Hunter Pence never had to give an inspirational and wild-eyed speech this time. All he had to do was invite someone to have breakfast with him and help end cancer.
After leading his team to the World Series title, the Giants' right fielder was leading the way again in Major League Baseball as the clock struck midnight on Friday morning. Breakfast with Hunter Pence drew one of the highest prices and among the most bids in a special MLB.com Auction during the Winter Meetings that raised $152,700 for Stand Up To Cancer.
"Thanks to the fans, MLB and Stand Up To Cancer for your contributions," Pence said in a text late Thursday, as bidders jockeyed for the coolest breakfast anywhere. "This is a wonderful way to make an impact and thank you all for making it possible."
The auction's success and creative energy was created through a collaboration by all 30 Major League club public-relations directors and their staffs -- individuals who have had enough of cancer diagnoses among co-workers and friends through the years. The auction kicked off with a news conference Monday at the Winter Meetings in Nashville, Tenn., with all the PR staffers in attendance standing up with MLB and SU2C personnel in a show of solidarity against the disease.
The flurry of last-minute bidding saw Pence's breakfast suddenly passed for most overall bids and highest price obtained. The most bids went to the Padres' contribution of a private baserunning and fielding lesson from their coach Dave Roberts -- a cancer survivor himself. The top sale listing was the Yankees' PR internship for a day, commanding $8,125.
"It is incredible to know so much money has been raised for Stand Up To Cancer through this auction," said Baltimore Orioles public relations director Monica Barlow, whose own battle with lung cancer was one of the reasons club PR departments were inspired to create the auction. "The only way we will be able to reduce cancer mortality rates is through funding for research that organizations like SU2C provide. I am a living example of the impact newly developed drugs can have, and as a member of MLB's PR family I am truly grateful for each team's generosity and eagerness to participate in this initiative."
Barlow's Orioles contributed one of the most bid-on items: A chance to ride on the team bus to Nationals Park for an Interleague game next season. And speaking of the Nationals, they drew more than $5,000 for a chance to actually be in their war room when general manager Mike Rizzo and the club make their first-round pick on June 6 in the First-Year Player Draft.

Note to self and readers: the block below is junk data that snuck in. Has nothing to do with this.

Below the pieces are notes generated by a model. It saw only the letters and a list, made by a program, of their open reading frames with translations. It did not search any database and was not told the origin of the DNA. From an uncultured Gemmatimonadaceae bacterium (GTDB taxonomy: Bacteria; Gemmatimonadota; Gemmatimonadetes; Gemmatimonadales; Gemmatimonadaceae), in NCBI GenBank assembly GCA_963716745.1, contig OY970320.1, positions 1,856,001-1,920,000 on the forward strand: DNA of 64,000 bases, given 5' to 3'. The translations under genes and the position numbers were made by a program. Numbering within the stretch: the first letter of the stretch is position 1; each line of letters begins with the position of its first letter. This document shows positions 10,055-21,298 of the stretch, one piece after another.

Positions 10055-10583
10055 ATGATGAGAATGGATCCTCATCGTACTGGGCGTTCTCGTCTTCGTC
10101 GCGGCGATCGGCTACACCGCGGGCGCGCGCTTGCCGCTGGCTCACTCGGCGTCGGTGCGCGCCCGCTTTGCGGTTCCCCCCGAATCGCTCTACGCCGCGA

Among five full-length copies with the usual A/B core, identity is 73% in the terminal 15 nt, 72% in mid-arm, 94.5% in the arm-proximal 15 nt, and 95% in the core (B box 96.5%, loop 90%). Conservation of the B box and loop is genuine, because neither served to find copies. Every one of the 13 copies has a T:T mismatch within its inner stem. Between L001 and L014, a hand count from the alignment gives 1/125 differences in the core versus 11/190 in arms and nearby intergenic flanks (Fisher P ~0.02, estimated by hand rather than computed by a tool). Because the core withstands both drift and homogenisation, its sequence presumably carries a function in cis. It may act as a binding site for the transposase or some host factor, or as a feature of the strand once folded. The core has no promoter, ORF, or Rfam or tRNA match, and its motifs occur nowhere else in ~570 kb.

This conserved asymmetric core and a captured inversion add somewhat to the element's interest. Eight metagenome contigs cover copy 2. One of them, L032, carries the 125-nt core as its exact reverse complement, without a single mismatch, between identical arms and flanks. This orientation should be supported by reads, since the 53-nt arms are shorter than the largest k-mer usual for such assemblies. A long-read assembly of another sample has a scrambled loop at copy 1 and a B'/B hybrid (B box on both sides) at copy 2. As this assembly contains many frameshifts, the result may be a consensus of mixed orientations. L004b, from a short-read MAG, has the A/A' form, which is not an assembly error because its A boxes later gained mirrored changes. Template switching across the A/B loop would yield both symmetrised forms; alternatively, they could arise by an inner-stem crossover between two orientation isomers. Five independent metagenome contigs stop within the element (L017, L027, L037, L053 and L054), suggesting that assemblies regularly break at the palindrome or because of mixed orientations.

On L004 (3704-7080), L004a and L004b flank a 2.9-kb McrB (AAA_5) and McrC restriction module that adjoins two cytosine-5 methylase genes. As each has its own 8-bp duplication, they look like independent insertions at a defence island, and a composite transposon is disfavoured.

Pence was among the many Giants and Tigers players who joined at the top of the dugouts during the World Series Game 1 live stadium event at AT&T Park, as everyone stood and held SU2C placards with names of people who have been affected by cancer. It was easy to imagine players being among those eagerly behind this auction effort, easy to imagine fans getting behind the effort, and indeed they were from start to finish.
If you missed out on that Mike Trout meet-and-greet package, then the good news is, there are other Trout items to bid on now that this auction has closed. There is a simple autographed batting helmet as well as one he signed with the inscription "2012 AL ROY."
Meet-and-greets or unique experiences were donated by current or former All-Stars galore. Now that we know David Wright is staying in New York as a member of the Mets, there is a good chance that the winning bidder of a Mets experience will get to know him next season. One of the most-bid-on items was a chance to take batting practice with the Mets in the indoor batting cage at Citi Field, after which the winner gets to meet numerous players like Wright, watch regular BP from the field, get four tickets to the game and a message on the Citi Field scoreboard.
The event at MLB.com/SU2CAuction included participation via meet-and-greet and/or autographed items from 16 Hall of Famers: Hank Aaron, Roberto Alomar, Bert Blyleven, Orlando Cepeda, Andre Dawson, Carlton Fisk, Al Kaline, Tommy Lasorda, Juan Marichal, Willie Mays, Bill Mazeroski, Willie McCovey, Tony Perez, Gaylord Perry, Jim Rice and Nolan Ryan. Someone even won a meet-and-great with Hall of Fame announcer Vin Scully of the Dodgers.
You can still help by donating at SU2C.org. One in every two men and one in every three women will be diagnosed with cancer in their lifetime, as things stand now.
"Once again, MLB and the 30 clubs have stepped up to the plate and knocked it out of the park for Stand Up To Cancer with this amazing auction," said Kathleen Lobb, Entertainment Industry Foundation senior vice president and Stand Up To Cancer co-founder. "Providing fans with access to these once-in-a-lifetime baseball experiences was a brilliant way to engage people in supporting SU2C's innovative cancer research. We are profoundly grateful to Commissioner [Bud] Selig and everyone throughout MLB for all they do to stand with us."
MLB and its 30 clubs have donated more than $30 million to fund groundbreaking translational research that delivers new therapies to cancer patients. As a founding donor, MLB has conducted significant awareness-building efforts for Stand Up To Cancer through public service announcements, in-stadium promotion and fundraising events, and has dedicated one World Series game to the initiative for each of the past three years.